November 19, 1988
November 19, 1988
At the market.
On November 18, 1988, Michaela’s kidnapper was described as a man in his 20’s, with long, dirty-blonde hair.
His most outstanding characteristic was severe acne, like boils. He was driving an older, tannish-gold, full-size sedan, boxy in shape, with body damage. We do not know the make or model. The description is very vague, but put together with the composite drawing of the kidnapper, perhaps it will mean something. The eyewitness noted his eyes. “He had fox eyes,” she said. “He looked right at me, but he didn’t even see me.” Remember, it is twenty years later. He would not have the same appearance today.
If you have any information, please call Inspector Robert Purnell1-800-222-3999 or e-mail Robert.Purnell@hayward-ca.gov
A week before Michaela was kidnapped I woke up early. It was about 5:30, still dark outside, and I was surprised to find Michaela sitting at the coffee table in the living room, with a piece of paper and a pencil in front of her.
“Mom,” she said, holding the paper out to me, “I wrote a poem. Do you want to read it?” Of course I did. I took the page from her, read it. I put down the baby I was holding and sat down. This was an astounding poem for a nine-year old girl to have written:
The people knock on doors of steel
The people knock, the people kneel
They think of things that aren’t real
Outside those doors of steel
The people walk, the people know
That outside those doors, the people know
The people think that you may say
The people think that they, too, may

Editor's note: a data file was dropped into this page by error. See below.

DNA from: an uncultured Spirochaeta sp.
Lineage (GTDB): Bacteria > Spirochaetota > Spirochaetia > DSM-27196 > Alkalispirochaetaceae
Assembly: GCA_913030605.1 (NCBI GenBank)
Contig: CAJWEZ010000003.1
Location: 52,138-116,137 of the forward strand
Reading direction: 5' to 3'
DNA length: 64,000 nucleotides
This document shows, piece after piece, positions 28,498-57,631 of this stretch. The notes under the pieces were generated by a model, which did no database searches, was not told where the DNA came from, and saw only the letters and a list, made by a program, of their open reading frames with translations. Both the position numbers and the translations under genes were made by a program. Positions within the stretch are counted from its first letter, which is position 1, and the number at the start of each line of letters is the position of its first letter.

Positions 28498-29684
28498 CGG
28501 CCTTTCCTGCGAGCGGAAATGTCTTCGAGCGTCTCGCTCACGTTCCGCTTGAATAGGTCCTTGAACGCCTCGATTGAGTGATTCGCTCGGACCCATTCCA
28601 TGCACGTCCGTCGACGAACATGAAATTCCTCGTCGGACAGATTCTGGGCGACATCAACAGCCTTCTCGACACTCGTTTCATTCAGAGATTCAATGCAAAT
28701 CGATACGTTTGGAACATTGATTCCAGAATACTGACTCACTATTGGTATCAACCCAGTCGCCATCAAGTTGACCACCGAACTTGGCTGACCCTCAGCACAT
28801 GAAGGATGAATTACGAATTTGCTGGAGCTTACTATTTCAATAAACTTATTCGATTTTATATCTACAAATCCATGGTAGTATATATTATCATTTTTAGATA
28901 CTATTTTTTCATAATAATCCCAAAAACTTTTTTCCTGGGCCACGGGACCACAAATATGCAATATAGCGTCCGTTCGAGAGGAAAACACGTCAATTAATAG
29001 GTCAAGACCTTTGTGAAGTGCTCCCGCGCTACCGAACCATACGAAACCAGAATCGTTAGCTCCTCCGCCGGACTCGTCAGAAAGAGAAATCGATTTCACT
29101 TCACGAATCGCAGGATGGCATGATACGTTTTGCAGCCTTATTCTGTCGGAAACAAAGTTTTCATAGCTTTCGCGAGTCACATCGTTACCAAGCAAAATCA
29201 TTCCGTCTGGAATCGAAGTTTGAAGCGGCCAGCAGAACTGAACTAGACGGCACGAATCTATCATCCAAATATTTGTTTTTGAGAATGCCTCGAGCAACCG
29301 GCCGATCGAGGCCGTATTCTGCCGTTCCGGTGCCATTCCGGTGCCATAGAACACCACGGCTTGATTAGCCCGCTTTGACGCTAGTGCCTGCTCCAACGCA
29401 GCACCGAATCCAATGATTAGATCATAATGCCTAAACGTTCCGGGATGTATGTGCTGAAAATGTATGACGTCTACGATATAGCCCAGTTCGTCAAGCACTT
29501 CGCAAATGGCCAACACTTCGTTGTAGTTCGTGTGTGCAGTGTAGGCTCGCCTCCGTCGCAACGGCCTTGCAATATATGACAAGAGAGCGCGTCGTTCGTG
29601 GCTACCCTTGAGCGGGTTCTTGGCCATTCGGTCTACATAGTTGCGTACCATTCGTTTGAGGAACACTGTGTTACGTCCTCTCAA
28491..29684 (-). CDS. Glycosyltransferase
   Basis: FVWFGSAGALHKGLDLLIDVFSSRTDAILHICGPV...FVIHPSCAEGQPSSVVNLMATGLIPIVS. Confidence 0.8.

They lack the confidence you have
They think it’s real,
The dreams you have,
The dreams they feel
Michaela went on to explain to me that she’d been awakened by noises in our attic. She said that there were people who had been kidnapped, who were being held captive in our attic. “You know,” she said, “like in the movie The Peanut Butter Solution.” She was referring to a children’s movie which was about a crazy artist who kidnapped people and used a peanut butter solution to make their hair grow quickly. He then cut off their hair and used it to make magic paintbrushes which painted pictures that came to life, that you could actually walk into.
As impressed as I was with this poem, I was also just a little concerned about it as well. It just didn’t seem like something that would come from a nine-year old. Over the course of the next few days, I kept probing bit by bit to try to find out more about it. At one point I asked Michaela if she was one of the people behind the doors of steel. “No, mom,” she said smiling easily, “I am not one of the people behind the doors of steel.”
A week later, though, she did become one of the people who had been kidnapped, and I think yes, one of the people behind the doors of steel. In the years since Michaela has been gone, I have come to believe that this could be nothing less than a premonition of sorts. I have searched its words for clues as to what happened to Michaela, but I have yet to put that puzzle together. The only thing I keep coming back to is that she said it was about people who had been kidnapped and were being held captive. She didn’t say it was about people who had been murdered. If this was a premonition, then, or a message that Michaela left behind, a clue, it would mean that she is still alive.